All small business owners are thinking about how they can attract more sales in the most cost-effective way possible without sacrificing the integrity of their brand.
Yesterday, I put in a phone call to Bond Street 180 business turnaround guru Daryl Wright and asked what he considered to be the most important things for small business owners to consider ahead of 2013. Here is what he had to say.
These days, selecting corporate gifts can often feel like a competition, with companies attempting to outdo each other in a extravagant battle of the budgets. That said, money can't buy class or creativity, so make sure you give from the heart and tailor each gift to your clients' interests. It is the thought that counts, after all.
They invest in having a web development company develop a website and populate it with content and pictures, but many still don't ensure that they have search engine optimised their website on a regular basis or that they are updating content regularly that is relevant to their target audience.
It's easy to have a website - but not so easy to keep it up-to-date and relevant.
Entrepreneurial stories on people like former Geelong footballer Michael Mansfield, Comcity's Jason Reading, Chris Reynolds from Champion Systems, Ryan O'Hare from Eutility and more.
Thought leaders on leadership, psychology, marketing and social media share their views and experiences. A really great story is on business turnaround specialist Daryl Wright from Bond Street 180 and you will also find a story on famous entrepreneur turn photographer, Tommy Mendes.
In all, its a good read and the best stories are on the entrepreneurs behind the brands.
I was surprised as I tweeted the website only a couple of times yesterday and we haven't really promoted it while we tweak a few things, and more than 1000 people where on the site last night at 11pm and it was going up at a rapid pace. For a moment, it made me nervous! Creating your own media can bring greater loyalty to your brand, only if it is done right and you have thought through what your audience wants to read about.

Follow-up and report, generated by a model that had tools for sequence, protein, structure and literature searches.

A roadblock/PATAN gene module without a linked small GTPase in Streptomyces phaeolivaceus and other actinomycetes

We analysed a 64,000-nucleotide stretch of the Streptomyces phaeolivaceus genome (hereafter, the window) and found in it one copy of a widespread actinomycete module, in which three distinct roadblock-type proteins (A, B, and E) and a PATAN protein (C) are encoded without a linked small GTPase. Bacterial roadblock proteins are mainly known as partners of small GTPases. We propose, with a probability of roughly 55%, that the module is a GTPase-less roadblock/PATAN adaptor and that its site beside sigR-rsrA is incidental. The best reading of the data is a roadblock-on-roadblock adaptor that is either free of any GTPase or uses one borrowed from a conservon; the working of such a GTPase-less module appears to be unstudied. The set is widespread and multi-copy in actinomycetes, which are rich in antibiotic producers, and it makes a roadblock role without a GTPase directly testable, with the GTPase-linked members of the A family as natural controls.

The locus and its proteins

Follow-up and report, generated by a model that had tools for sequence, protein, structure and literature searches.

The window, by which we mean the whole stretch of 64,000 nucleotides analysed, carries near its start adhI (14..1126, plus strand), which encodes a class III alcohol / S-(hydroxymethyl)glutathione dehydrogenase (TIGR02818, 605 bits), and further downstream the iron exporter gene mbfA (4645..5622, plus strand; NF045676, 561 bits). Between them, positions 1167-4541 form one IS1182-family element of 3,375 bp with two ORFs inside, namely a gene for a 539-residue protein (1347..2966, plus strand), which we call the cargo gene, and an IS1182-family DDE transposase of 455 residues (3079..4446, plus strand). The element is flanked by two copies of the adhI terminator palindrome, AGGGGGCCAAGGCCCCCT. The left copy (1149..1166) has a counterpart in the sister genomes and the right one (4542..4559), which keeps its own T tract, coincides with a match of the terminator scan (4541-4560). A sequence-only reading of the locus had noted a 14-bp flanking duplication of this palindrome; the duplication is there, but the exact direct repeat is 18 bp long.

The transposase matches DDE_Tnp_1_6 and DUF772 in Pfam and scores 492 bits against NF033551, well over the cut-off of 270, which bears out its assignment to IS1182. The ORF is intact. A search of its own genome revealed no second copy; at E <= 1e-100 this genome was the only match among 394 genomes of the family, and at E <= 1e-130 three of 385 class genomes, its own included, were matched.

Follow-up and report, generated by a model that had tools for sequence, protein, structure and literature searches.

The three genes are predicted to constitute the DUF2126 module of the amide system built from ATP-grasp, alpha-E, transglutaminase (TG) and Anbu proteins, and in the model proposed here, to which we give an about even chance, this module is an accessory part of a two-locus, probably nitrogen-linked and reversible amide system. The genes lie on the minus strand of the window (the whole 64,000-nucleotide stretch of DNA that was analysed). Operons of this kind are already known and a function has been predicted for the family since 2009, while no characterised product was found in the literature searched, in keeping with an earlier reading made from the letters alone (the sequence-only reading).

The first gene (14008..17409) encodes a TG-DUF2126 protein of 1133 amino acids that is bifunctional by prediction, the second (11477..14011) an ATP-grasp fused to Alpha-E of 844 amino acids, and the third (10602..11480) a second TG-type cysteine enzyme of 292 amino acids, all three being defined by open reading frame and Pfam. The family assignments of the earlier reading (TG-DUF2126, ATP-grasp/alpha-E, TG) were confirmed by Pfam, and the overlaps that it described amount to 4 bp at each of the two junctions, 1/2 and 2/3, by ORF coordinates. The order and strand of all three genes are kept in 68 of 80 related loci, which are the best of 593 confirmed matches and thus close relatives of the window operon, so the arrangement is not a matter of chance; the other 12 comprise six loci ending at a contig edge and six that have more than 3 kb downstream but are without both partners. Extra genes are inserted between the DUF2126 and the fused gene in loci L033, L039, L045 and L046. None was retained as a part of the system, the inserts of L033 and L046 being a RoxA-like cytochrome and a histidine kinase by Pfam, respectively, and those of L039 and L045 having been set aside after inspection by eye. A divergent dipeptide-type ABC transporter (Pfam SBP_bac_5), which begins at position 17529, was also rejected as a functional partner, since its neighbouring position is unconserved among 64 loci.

It's a great time of year because through this research we are exposed to other companies successes and at times failures - all while thinking about what more we can do for our clients.
Most days, I share my experience as an entrepreneur with a growing international business, on the cusp of something that is hopefully "big" but also has hurdles along the way. Many of these hurdles are the best reminders on how to improve business processes and be a better leader and/or marketer, or just to grow a thicker skin.
Yesterday, an obvious up-and-coming competitor posted some quite offensive commentary on a Linkedin Group. I thought for a while as to whether I would just leave it or if it had an impact in the group which affected what the perception of our brand may be. To that end, I had to respond. I didn't get into the nitty gritty, but it was an overarching response. The idea of Linkedin Groups is to share ideas, interact, demonstrate thought leadership on various topics and meet people who may potentially have something worthwhile to say that may a) change your life, b) improve your knowledge, and/or c) give you a good laugh.
There is potential to misuse the Linkedin Groups platform in ways that it is not intended for, like pitching products and services through making comments on other peoples discussions or by putting down an obvious competitor. So here's a "share" from last night:
Most marketing strategies will be firmly in place for next year, but for those who have left it too late, there are a few things that you need to consider.
- If you look back at 2012, you will realise how much things have changed.
- Facebook listed and fell flat on its face, but woke up with more than 1 billion registered users.
- Pinterest came to the forefront and became the fastest growing social media platform on the planet.
- Instagram bagged a billion bucks with only enough employees to count on your two hands.
- People like www.jeffbullas.com out of downtown Sydney became a global social media phenomenum just by writing blogs that are interesting and knowing the rules of engagement for content creation and exploitation.